Congreve's own work on the effectiveness and operation of his rockets
In 1814 British Guards officer Rees Gronow took part in the Peninsula War action known as 'The Passage of the River Adour'. He wrote of his experiences during that battle in his reminiscences; 'Three or four regiments of French infantry were approaching rapidly when a well-directed fire of rockets fell amongst them. The consternation of the Frenchmen was such when these hissing, serpent-like projectiles descended, that a panic ensued and they retreated'. Congreve's invention had come to the battlefield. Though many of his contemporaries were either suspicious of his innovation or contemptuous of its potential, such was the effectiveness of well managed rockets that military arsenals would include them thereafter. Congreve's book describes his early rockets, the formation, equipment and practices of 'rocket troops' and the various applications for the use of rockets in different military scenarios. This Leonaur edition contains the illustrations which originally appeared in the book plus additional illustrations of early rocket troops. This is an essential book for those interested in the development of rocket warfare and for modellers, war-gamers and re-enactors.
Leonaur editions are newly typeset and are not facsimiles; each title is available in softcover and hardback with dustjacket.
Plate 1st represents the mode of equipment for carrying rockets on horseback, as it was arranged during the course of experiments, which were carried on, under my direction, at Bagshot, in 1811; as it was subsequently carried into actual service, under Captain Bogle, with the Allied armies in Germany, in the ever memorable campaign of 1813; and as it is at present proposed to equip the new corps of Rocket Horse Artillery, established on the 1st of January, 1814, by Earl Mulgrave, Master General of the Ordnance, and composed of two troops, under the command of Lieutenant Colonel Fisher, of the Royal Artillery.
The right hand figure represents a trooper completely armed and equipped, in review order. The left hand figure is a delineation of the same, with the shabracque removed, to shew the holsters in which the rockets are conveyed. These holsters each contain two 12-pounder rockets, each rocket armed with a 6-potinder shell, or case shot; they are connected together at top, and are supported by the pummel of the saddle, which is made in the hussar fashion, though the saddle itself is, in fact, formed and stuffed the same as a common English saddle.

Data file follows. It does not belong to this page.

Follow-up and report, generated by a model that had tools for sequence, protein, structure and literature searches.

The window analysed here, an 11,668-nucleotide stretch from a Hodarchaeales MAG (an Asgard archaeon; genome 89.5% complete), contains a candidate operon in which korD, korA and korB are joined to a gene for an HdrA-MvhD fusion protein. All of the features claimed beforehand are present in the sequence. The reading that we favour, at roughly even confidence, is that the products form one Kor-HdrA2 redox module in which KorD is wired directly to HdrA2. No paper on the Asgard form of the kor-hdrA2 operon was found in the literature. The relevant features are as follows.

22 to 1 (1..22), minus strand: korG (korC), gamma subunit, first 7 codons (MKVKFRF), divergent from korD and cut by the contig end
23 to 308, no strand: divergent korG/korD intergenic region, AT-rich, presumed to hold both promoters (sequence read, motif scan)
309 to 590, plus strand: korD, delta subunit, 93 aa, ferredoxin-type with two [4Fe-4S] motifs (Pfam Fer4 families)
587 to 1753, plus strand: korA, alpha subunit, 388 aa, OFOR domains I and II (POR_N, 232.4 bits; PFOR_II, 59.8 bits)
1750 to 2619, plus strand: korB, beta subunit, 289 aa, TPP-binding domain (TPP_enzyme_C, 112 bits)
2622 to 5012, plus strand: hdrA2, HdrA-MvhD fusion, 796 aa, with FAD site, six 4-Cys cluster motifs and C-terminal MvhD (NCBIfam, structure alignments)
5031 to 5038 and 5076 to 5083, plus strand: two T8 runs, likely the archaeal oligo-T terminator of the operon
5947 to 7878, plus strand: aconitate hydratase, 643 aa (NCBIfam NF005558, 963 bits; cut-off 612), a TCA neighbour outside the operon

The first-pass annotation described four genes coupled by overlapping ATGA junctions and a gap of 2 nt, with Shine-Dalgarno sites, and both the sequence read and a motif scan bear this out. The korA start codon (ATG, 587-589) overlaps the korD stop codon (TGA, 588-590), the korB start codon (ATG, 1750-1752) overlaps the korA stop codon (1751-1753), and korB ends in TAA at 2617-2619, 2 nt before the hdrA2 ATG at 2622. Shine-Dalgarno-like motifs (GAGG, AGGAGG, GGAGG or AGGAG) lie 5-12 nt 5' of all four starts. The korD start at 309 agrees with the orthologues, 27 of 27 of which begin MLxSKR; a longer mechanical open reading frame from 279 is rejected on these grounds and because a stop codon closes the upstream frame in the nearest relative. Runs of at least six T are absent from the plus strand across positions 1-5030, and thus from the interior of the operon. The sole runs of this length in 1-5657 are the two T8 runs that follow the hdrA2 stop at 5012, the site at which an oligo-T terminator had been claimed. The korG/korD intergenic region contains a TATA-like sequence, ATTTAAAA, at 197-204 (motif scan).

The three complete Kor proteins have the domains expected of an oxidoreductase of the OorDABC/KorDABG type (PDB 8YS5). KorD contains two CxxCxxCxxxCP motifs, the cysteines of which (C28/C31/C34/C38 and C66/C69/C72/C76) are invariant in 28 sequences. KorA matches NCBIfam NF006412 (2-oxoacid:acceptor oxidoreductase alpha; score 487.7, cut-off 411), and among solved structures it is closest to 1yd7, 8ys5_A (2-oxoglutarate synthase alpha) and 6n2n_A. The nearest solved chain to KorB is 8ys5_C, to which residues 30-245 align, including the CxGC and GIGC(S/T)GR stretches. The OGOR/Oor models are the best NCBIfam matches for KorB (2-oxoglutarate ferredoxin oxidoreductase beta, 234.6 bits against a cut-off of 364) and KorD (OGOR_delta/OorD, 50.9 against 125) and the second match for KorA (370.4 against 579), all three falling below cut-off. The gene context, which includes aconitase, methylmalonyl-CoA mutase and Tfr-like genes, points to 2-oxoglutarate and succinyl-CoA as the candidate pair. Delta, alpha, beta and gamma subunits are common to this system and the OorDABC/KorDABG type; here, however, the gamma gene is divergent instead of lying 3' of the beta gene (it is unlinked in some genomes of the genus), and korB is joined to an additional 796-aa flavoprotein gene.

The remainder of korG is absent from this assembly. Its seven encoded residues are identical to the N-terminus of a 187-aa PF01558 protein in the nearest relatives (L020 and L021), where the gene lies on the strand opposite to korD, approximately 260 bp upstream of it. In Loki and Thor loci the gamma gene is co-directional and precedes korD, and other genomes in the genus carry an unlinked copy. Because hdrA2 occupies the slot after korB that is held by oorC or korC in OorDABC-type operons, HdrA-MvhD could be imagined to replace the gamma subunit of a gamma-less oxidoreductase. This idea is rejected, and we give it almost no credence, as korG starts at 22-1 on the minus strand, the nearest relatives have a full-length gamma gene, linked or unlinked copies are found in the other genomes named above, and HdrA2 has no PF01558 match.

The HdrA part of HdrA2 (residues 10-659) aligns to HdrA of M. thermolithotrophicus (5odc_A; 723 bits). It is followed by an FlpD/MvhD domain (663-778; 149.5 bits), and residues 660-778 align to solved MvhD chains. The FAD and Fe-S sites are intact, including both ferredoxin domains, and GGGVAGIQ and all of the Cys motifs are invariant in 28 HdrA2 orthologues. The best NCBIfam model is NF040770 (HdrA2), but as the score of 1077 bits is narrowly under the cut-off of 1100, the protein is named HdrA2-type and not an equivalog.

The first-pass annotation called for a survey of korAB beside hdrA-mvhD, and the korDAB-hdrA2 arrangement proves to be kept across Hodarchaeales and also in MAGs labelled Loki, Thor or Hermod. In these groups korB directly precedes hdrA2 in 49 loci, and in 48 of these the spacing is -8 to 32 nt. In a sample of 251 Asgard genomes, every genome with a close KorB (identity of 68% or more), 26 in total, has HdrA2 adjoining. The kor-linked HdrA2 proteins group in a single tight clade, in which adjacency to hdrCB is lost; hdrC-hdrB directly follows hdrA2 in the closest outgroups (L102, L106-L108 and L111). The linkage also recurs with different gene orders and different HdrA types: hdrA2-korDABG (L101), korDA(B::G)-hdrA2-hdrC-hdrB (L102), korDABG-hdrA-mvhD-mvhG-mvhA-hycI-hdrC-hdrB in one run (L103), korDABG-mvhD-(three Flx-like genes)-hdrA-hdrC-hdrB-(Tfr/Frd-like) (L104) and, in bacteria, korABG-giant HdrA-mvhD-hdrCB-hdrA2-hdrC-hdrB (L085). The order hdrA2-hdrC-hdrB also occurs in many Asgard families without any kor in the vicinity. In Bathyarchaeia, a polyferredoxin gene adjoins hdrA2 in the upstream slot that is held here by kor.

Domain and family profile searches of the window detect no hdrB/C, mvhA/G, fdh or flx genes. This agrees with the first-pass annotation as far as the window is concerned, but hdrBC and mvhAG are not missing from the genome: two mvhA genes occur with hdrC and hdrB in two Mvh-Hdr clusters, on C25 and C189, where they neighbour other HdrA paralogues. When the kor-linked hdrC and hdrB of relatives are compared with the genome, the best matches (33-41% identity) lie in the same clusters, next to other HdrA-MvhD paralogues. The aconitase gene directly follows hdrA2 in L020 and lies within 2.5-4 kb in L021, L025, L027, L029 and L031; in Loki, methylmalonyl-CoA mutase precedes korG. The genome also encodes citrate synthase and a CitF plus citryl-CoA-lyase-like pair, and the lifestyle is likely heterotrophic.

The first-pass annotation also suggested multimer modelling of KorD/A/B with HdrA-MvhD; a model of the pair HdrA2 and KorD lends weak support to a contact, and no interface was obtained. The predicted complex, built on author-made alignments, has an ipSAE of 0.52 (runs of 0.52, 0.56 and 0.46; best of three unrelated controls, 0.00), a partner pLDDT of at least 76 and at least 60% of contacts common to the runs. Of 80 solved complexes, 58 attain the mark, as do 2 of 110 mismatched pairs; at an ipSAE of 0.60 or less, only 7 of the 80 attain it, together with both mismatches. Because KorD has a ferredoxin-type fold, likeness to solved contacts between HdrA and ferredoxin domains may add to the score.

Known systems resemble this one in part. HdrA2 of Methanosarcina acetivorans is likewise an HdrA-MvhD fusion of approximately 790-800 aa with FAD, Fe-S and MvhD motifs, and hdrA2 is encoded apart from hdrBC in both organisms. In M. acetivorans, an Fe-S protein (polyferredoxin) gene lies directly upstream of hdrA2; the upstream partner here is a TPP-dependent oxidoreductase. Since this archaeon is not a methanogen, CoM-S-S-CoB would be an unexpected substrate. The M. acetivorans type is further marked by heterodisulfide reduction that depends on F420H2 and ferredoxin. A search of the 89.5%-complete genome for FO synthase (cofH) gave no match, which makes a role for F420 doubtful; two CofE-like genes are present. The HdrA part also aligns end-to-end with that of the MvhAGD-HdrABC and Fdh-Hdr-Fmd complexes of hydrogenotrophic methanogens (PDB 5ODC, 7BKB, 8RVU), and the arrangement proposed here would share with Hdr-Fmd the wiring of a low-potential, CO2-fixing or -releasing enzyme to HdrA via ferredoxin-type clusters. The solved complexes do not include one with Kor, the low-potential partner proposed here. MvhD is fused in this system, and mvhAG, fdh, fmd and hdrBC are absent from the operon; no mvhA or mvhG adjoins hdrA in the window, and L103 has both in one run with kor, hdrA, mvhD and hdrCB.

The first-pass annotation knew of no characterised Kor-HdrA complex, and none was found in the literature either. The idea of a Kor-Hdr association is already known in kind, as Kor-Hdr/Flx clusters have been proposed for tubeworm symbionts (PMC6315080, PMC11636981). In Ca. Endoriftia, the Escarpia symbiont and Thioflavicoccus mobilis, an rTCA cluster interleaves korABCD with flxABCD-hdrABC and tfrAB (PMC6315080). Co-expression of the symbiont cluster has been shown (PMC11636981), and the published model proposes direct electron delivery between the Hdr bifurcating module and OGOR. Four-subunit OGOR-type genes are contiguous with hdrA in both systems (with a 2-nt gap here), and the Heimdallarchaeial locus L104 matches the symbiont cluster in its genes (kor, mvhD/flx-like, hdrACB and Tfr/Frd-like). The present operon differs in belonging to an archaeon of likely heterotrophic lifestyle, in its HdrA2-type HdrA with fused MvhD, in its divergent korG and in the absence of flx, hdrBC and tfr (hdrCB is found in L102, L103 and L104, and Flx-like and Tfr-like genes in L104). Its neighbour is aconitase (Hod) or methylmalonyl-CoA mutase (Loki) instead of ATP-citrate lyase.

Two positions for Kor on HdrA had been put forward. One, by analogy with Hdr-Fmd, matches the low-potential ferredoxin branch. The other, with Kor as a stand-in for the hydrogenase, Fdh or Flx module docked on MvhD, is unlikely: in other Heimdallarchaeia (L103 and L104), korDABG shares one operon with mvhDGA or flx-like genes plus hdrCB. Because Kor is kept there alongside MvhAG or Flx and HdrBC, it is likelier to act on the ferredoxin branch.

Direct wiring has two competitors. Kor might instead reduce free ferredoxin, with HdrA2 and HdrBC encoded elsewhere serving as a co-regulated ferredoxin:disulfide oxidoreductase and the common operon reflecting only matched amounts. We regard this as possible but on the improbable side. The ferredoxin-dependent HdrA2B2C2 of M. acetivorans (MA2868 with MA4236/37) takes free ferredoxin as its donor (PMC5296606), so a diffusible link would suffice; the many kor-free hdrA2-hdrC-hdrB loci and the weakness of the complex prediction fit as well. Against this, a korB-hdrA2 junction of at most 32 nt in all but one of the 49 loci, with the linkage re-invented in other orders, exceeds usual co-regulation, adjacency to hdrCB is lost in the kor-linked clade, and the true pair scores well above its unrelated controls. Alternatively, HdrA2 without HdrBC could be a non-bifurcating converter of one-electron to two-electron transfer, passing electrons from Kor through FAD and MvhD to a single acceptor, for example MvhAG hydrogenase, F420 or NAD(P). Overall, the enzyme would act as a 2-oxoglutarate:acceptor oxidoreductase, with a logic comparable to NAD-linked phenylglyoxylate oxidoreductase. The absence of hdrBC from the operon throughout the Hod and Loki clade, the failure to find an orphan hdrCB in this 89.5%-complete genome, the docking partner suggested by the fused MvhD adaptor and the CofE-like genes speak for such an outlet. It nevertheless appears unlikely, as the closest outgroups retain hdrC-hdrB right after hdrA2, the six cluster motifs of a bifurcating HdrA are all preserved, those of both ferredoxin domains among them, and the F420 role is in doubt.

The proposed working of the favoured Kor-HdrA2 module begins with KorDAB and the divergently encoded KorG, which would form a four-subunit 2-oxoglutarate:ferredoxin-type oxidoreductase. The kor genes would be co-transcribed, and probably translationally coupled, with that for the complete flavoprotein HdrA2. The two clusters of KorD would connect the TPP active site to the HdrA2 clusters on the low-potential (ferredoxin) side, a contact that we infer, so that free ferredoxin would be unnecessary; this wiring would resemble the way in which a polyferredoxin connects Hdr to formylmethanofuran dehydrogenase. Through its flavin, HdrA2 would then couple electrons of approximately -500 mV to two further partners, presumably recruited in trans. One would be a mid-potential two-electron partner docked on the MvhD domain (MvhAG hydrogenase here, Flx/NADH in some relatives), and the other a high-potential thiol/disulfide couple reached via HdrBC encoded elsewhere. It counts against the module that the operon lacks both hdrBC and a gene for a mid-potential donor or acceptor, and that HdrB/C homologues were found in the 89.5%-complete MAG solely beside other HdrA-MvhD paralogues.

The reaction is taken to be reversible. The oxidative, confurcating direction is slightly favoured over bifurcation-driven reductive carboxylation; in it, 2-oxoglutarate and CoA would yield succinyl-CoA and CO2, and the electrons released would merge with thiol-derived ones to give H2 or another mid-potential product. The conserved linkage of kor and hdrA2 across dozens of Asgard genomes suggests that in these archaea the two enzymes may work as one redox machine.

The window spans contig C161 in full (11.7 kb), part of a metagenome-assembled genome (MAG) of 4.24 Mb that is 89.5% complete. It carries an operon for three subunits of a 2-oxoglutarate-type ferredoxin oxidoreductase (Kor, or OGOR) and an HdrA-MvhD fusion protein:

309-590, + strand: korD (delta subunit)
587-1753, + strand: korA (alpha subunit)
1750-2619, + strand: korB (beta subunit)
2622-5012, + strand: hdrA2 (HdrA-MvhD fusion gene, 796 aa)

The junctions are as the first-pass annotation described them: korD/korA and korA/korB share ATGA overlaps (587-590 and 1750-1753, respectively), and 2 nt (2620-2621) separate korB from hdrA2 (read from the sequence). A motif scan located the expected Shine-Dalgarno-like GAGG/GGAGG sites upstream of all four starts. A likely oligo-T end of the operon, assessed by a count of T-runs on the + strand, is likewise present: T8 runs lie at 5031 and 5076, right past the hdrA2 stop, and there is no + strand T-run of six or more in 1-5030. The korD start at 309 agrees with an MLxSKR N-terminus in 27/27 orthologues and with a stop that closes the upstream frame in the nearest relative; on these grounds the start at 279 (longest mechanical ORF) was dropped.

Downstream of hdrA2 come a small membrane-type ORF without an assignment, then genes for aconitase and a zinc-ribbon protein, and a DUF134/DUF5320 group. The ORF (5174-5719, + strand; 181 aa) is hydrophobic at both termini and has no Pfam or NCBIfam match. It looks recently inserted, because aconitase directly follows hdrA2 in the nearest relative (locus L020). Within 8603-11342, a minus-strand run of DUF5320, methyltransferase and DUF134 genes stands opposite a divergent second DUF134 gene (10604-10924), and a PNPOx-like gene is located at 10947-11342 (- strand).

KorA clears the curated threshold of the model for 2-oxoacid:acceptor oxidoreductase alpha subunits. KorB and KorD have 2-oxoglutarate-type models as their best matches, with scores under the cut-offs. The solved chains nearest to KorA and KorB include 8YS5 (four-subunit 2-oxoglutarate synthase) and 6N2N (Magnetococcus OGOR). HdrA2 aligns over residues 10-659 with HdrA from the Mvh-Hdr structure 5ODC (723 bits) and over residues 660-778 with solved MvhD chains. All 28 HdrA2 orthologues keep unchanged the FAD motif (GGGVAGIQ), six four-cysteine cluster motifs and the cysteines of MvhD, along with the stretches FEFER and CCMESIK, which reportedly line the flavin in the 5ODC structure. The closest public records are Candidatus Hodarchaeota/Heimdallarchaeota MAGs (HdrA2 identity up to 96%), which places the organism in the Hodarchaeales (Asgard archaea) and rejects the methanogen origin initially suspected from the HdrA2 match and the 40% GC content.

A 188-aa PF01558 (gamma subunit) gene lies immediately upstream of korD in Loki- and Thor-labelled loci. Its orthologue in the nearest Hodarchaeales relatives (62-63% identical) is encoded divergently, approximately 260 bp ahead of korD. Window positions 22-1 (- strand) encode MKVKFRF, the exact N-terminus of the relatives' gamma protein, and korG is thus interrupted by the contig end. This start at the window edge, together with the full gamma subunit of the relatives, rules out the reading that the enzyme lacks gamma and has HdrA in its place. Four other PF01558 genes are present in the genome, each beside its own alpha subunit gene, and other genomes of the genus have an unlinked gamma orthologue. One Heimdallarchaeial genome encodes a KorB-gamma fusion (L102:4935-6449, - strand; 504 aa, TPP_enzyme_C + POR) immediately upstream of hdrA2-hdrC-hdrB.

This projection in front keeps the holsters clear of the horse’s withers and shoulders, which, from their size, it might otherwise be difficult to do; for the latter of these purposes, also, the flap of the saddle comes further forward than usual. The holsters, thus connected, slip on and off from the pummel with great facility, which is an object of importance, as a part of the service of the rocket trooper is, when from some impassable obstacle, he can no longer advance on horseback, to dismount and pass over such obstacle, with his ammunition holsters and chamber, on foot. The sticks, which are seven feet in length, and four in number, answering to the number of rockets, are collected in a bundle by means of a strap with four loops, contrived on purpose, and are carried on the off-side, the thicker ends being supported in a bucket, suspended from the flap of the saddle.
The strap above mentioned, as confining them together in the middle, leading across the man’s thigh to the peak of the saddle; by this means they fall naturally under his right arm, without at all incommoding him, either in mounting or dismounting, or even in going through the sword exercise. By this arrangement also, they are easily drawn from the bundle downwards, for fixing to the rocket, leaving any number that may remain as securely fixed as when the whole are in the quiver.
It has already been stated, that the men are told off in sections of threes. They are accordingly numbered 1, 2, and 3. Now numbers 1 and 3 have nothing to carry but their proportion of the ammunition, viz. four rockets and four sticks each, while No. 2 has in addition to carry the chamber from which the rockets of his section are discharged. This chamber is a small iron plate trough, about one foot six inches in length, capable of being fixed steadily in the ground by four iron points at the bottom of it, so that the rockets may be discharged parallel to the surface and close to it. The weight of this chamber, or bouche a feù, is about six lbs. and it is carried in a small leather case, shewn in both these figures, just at the back of the valise.
The men are armed with a sabre, which is in action suspended to the saddle, that they may not be incumbered in mounting and dismounting. Each man has besides a pistol in his cross belt, and a spear head in his holster, which may be occasionally fixed at the end of one of the rocket sticks, so as to give the further aid of a very formidable lance.
Instead of carrying slow match, which would be dangerous as well as inconvenient, the portfire is lighted in action by a flash of powder obtained from a pistol lock and pan, mounted on a small stock; and a light portfire stick for discharging the rocket, about three feet in length, is constructed of a thin iron tube, which shuts up, and is carried in the holster. The sticks are fastened in the loops on the rocket case, either by the gripe of a pair of pincers with points in them, or by the stroke of a small hammer with a point in the head, or by some equally simple tool. Every part of this equipment, except the sticks, is so completely concealed by the shabracque, that the rocket trooper has the appearance merely of a lancer.